I missed this back in January, but the UK's Royal National Theatre is making a go at Met Opera style live screenings, bringing live performance to cinemas.
NT Live is an exciting new initiative to broadcast live performances of plays onto cinema screens worldwide. The four show pilot season will launch with Phèdre, with Helen Mirren, Margaret Tyzack and Dominic Cooper.On 25 June the performance of Phèdre will be filmed in high definition and broadcast via satellite to approximately 50 cinemas and arts centres, reaching a widespread audience live across the UK. Tickets will cost £10. Over 100 venues around the world will also screen the production.And one of those 100 venues? Washington DC's Shakespeare Theatre! Where admission to Phèdre will be $20. More than a movie, alas.
Ok, maybe not the savior of theatre, but I'm certainly to see what happens. And I gotta hand it to them that, Helen Mirren aside, Phèdre is hardly the crowd pleasing choice for an opener. (I mean, we're talkin' about Racine here, people.)
And naturally we have to wonder if the practice will spread here. If it ever does happen here the pilot project will no doubt be a Broadway show and the venuture strictly not not-for-profit. (In fact, I believe the final B'way performance of Rent was already broadcast in similar fashion.)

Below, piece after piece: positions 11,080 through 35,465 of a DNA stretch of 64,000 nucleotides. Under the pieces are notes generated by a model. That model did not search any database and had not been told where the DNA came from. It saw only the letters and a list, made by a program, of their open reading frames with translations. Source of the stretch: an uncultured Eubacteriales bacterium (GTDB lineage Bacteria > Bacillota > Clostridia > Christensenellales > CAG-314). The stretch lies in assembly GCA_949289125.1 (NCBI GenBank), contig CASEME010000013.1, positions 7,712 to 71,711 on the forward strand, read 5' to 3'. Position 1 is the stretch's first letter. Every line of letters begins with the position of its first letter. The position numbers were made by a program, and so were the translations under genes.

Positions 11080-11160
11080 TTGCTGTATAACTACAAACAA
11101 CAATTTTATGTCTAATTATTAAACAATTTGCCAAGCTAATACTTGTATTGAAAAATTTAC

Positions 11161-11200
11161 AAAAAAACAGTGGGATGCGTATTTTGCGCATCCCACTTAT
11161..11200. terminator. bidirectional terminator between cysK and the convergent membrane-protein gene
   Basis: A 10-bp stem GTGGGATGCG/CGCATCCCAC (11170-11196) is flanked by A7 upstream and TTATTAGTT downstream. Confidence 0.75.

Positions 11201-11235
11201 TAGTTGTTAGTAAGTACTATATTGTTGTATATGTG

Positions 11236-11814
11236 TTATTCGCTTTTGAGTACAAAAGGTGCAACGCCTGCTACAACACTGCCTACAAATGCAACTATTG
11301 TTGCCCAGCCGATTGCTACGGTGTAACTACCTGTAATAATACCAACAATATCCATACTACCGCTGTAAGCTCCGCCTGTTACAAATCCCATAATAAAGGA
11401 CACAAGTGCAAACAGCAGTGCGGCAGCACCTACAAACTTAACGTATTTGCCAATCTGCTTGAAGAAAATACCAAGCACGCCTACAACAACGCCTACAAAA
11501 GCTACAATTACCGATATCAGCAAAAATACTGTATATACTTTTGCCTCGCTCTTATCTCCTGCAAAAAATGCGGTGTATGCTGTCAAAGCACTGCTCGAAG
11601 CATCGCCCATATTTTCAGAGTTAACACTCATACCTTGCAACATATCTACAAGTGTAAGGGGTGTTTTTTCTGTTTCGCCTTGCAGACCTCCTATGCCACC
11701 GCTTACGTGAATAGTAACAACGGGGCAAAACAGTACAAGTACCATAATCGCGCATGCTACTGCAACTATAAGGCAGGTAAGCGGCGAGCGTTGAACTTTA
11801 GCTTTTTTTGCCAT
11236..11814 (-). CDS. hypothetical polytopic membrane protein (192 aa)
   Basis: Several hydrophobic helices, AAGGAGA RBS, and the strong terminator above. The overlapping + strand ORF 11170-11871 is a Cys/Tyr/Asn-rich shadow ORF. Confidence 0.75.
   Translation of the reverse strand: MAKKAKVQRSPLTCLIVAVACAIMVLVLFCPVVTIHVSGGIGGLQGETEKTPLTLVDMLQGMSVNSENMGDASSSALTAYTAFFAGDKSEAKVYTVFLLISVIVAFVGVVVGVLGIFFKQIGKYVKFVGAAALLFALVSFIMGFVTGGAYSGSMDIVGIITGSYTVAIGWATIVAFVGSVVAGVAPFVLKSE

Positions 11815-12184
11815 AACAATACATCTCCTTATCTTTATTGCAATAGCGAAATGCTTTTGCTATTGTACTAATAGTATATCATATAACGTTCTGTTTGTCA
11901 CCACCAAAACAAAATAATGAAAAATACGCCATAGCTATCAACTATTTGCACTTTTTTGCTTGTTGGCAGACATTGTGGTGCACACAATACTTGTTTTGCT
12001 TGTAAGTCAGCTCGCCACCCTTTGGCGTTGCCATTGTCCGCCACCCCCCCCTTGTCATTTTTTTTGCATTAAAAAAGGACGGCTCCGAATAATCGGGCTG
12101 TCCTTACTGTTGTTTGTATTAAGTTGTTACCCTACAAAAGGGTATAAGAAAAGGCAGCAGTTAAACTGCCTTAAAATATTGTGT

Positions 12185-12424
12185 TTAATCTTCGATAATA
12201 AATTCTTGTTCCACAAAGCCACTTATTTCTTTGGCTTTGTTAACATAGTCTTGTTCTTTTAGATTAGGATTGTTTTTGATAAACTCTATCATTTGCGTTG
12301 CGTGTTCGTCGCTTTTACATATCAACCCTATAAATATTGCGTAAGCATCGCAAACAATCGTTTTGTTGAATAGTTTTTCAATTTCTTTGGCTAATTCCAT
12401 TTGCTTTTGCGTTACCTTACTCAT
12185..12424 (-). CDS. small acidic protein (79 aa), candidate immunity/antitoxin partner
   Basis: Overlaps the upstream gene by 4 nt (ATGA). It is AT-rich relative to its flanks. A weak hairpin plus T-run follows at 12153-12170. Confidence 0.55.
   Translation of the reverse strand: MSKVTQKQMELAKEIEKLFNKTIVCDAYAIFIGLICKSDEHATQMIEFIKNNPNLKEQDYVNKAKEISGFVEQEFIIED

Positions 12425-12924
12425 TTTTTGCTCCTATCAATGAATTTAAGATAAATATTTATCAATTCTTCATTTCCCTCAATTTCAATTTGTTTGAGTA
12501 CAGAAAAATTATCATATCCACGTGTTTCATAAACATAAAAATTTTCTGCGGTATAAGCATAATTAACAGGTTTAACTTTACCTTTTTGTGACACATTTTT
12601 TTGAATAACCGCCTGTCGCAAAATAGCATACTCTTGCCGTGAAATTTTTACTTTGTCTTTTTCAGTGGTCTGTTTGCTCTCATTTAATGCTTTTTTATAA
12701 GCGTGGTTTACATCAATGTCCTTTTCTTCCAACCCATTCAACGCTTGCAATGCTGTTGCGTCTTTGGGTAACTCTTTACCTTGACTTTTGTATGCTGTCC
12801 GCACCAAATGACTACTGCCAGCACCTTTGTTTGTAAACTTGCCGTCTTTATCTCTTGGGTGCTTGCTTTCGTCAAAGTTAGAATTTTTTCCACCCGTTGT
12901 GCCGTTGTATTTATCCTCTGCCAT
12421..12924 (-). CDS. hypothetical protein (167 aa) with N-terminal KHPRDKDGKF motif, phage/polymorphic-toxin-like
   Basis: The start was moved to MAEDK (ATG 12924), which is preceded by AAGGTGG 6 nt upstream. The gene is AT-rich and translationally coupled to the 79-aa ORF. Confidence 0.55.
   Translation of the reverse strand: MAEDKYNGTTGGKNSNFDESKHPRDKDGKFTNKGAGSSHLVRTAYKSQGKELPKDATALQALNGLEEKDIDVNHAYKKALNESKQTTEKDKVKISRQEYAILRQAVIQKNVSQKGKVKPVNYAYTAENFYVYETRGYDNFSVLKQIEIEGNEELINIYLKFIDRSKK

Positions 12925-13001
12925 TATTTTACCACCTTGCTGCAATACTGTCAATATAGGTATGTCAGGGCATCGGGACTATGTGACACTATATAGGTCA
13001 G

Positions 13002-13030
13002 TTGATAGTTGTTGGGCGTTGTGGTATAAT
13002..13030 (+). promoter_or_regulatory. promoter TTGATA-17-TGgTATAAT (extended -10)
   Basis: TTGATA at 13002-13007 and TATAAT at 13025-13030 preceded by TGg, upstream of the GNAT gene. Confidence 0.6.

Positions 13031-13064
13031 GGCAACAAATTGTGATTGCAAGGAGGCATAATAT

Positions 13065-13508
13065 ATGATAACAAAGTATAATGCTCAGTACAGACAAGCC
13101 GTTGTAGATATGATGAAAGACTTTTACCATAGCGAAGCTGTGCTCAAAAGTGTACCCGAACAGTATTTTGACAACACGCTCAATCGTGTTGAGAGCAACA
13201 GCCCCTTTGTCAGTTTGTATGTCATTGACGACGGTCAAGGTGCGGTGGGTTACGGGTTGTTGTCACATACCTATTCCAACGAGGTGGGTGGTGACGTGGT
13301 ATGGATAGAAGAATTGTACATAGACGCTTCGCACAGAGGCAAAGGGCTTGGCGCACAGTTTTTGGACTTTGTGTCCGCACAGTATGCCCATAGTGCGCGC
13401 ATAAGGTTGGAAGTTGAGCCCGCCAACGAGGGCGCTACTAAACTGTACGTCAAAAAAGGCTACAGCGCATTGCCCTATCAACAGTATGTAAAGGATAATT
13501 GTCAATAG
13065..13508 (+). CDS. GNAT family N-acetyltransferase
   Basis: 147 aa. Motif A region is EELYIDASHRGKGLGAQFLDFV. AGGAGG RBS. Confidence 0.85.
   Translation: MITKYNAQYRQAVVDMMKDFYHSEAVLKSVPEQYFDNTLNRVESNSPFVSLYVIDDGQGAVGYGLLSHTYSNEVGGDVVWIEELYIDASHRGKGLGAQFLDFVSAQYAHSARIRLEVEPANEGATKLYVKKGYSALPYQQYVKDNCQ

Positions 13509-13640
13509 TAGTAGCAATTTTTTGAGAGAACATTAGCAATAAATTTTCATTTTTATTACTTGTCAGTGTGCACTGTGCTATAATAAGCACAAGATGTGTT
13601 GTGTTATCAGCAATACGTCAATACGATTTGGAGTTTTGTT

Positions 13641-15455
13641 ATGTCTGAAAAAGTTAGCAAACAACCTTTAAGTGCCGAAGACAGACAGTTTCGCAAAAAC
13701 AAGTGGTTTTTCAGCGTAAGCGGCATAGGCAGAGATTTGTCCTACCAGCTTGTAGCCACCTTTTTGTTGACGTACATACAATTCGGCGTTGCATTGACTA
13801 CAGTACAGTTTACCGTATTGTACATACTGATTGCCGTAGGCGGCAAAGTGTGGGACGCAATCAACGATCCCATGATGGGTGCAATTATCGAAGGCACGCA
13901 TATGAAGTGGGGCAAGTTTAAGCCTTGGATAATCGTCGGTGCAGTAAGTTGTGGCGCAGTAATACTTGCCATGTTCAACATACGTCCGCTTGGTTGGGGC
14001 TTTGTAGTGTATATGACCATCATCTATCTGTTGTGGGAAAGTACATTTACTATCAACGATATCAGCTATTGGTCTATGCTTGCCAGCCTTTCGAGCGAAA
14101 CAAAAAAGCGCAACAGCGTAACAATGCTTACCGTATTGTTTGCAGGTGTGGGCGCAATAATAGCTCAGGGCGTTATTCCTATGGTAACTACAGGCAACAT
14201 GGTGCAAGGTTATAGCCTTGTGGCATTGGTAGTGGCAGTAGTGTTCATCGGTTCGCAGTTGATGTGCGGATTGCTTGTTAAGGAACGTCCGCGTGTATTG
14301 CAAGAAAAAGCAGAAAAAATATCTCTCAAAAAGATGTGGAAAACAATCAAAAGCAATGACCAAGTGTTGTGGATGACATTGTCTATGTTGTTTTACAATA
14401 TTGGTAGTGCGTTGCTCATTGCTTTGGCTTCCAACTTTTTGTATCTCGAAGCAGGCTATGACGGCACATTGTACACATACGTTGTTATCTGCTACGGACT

Where it would have the biggest impact, though, is not on Broadway but on "the road." Watch for road presenters to start looking into this as a cheaper alternative to live touring productions. I mean, why put up millions for the a show's B-team to come to town when you can just show the video "live from Broadway" with the original celebrity star intact?
Other than that, though, it'll be hard for American nonprofit theatre to get in on this act without major celebrity actors (or maybe writers) to draw attention. Lincoln Center Theater has benefitted from PBS' "Live From Lincoln Center" telecasts and aired some shows on tv. (Roundabout also had a PBS contract for a while.) Frankly, I'd like to see non-New York companies take part in this, so we can all see--on a national platform- what, say, the Guthrie and the Goodman are doing for a change.
Meanwhile, "NT Live," being in Britain, is thoroughly subsidized of course. And tied in with a mission to spread culture across the nation:
NT Live fits in with the government's determination to get more culture outside of London. The culture secretary, Andy Burnham, has been involved in moves to create a Manchester base for the Royal Opera House and recently advocated having a different city as British capital of culture every four years, allowing events such as the Brits, the Baftas and the Turner Prize to decamp out of London.See, that's why you have a "culture secretary." National Endowment for the Arts could never get something that big done.